The notion of religious freedom in America is that all faiths are (ideally) given the same considerations and rights. This is why it was so important to fight for the approval of the pentacle symbol on military graves and markers. But sometimes religious freedom can be interpreted too broadly, creating a disruption or even favoring one religious perspective over another. While we often point to Christian examples of people pushing the boundaries of religious expression at secular institutions, it can happen with Pagans as well. Witness a drama being played out at an Indiana High School.
“For the second day in a row, a Hanover Central High School freshman came to school with pagan symbols sketched on her face and was sent home by school officials. Hanover Superintendent Michael Livovich said the symbols on the girl’s face are disruptive to the educational process, and she will be sent home each day if she refuses to wash them off … Holeman’s father, Andy Pecenka, said he and his wife, Sharene, will talk to a lawyer regarding their daughter’s rights. He said she has been a practicing pagan for three or four years and being sent home compromises her religious freedoms.”
On its face it sounds like religious discrimination, until you listen to the statements being made by the Superintendent Michael Livovich.
“‘If a youngster came to school with crosses on their face or a Star of David sketched on their face, we would ask them to wash it off too,’ Livovich said. Livovich said he was willing to give Holeman an excused absence for Tuesday, but he could not find any information that said the holiday extended through Saturday.”
In a different article on the issue, he is quoted as saying.
“We would never deny a child their religious expression. What she has become, however, is a distraction. If it was a part of her faith that everyone of her faith does this on May Day, then I would say our apologies to the child and the parent. But that isn’t the case here.”
For the Superintendent to allow the girl to paint religious symbols on her face would open up a situation in which any religious group would be allowed to come to class with their face painted during any religious observation. Which as the school official pointed out, would be disruptive to learning. The Pecenka’s case isn’t helped by the fact that the lore and traditions of Beltane don’t point to any widespread occasion of face-painting as an act of religious observance.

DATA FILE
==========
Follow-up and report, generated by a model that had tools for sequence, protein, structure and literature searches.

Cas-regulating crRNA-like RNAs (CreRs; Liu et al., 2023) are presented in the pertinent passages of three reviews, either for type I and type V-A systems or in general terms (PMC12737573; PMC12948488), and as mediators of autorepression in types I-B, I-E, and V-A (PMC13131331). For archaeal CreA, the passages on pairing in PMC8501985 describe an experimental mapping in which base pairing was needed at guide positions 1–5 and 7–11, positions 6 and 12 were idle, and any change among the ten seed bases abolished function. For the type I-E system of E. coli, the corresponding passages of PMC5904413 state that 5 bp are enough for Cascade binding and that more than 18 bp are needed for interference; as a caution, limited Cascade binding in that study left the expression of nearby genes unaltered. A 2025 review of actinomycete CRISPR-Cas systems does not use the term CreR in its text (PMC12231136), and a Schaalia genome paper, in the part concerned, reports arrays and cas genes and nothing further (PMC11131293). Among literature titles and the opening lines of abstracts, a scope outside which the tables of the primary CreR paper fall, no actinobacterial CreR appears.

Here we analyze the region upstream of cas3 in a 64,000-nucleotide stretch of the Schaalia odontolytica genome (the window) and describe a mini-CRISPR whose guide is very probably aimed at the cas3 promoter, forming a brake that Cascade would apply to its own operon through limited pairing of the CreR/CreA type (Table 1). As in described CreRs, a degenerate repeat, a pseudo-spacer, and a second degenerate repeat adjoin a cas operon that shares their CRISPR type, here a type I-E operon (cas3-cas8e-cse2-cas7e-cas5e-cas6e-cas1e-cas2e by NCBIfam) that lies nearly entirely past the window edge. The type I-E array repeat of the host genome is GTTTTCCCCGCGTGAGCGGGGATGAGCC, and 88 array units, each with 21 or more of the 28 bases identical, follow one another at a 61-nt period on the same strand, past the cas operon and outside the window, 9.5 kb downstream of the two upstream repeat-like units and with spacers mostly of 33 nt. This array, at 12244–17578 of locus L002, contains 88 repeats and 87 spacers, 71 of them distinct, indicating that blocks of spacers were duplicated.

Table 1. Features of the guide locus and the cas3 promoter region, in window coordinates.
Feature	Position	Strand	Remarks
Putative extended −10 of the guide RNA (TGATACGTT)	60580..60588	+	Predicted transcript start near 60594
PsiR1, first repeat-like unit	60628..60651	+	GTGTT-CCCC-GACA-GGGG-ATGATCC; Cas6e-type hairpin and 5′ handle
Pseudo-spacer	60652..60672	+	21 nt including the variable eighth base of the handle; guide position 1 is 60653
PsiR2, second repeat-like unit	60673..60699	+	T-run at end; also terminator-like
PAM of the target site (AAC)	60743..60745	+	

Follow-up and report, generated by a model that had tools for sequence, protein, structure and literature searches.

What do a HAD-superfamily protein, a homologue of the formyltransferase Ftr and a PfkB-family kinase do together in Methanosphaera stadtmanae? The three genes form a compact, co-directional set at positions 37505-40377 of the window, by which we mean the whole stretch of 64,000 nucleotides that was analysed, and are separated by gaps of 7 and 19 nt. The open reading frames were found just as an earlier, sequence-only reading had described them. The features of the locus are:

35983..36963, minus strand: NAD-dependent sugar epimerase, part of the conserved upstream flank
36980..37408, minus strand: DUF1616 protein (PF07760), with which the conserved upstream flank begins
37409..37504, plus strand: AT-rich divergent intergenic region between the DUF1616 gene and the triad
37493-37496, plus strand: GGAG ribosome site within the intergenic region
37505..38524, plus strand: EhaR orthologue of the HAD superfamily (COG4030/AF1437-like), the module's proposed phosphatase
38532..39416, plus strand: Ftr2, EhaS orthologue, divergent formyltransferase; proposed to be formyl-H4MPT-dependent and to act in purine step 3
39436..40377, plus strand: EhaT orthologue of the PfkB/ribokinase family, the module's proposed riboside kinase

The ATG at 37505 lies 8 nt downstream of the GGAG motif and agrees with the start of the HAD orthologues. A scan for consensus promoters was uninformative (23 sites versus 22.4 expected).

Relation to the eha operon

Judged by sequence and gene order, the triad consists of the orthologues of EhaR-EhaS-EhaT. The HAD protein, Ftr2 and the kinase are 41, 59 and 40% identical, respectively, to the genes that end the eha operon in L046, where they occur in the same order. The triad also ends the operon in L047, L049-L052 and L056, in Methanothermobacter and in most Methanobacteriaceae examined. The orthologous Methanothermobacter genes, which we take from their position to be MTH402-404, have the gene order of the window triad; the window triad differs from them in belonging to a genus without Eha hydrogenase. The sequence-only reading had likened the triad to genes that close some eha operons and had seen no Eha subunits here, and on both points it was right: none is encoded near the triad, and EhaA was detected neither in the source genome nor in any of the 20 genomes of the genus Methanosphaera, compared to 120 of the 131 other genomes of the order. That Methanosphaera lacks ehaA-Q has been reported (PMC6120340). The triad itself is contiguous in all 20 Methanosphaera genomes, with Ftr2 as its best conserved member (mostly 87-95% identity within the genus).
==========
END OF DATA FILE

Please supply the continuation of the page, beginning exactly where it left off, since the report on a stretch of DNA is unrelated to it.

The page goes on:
Now if the Superintendent is lying and other religious groups are allowed to paint their faces during religious festivals (other than Catholics with ash on their foreheads for Ash Wednesday), or if there was a general consensus amongst modern Pagans concerning painting your face on Beltane, then the case might be different. But as it stands the parents seem to have stepped over the boundaries of our religious rights at a secular school, and should either drop the matter or keep her home from school to finish her Beltane observances.
ADDENDUM: You can find an OBOD thread here in which the father discusses the case and why his daughter was wearing a pentacle on her face.
ADDENDUM II: Some fellow Pagan bloggers disagree with my assessment of the situation in the comments. Hecate says the school “needs to step back”, Cat Chapin-Bishop feels that schools need to make room for “individual spiritual experience”, and Sari doesn’t feel a pentacle painted on the cheek is disruptive to learning. So have I called this one wrong? I’ll leave it up to you to decide.
ADDENDUM III: An education student on the OBOD thread, citing the landmark Supreme Court case Tinker vs Des Moines Independent Community School District, says that the parents may indeed have a solid First Amendment case.
“…we just covered educational law on issues like these two weeks ago. Under Tinker law, a student cannot be reprimanded for an expression of free speech unless it explicitly detracts from the learning process (i.e. causes a big disturbance). They also must be warned first before action can be taken. The case at first only applied to dress, but later was upheld in the Supreme Court when students wore armbands in protest at one school. The pentagram on the face falls under free speech under the Tinker case. Since no other students complained, and it should not prevent the teacher from continuing her lesson, it doesn’t meet the disturbance criteria. I believe that, should you wish to pursue it, you have legitimate grounds for a lawsuit.”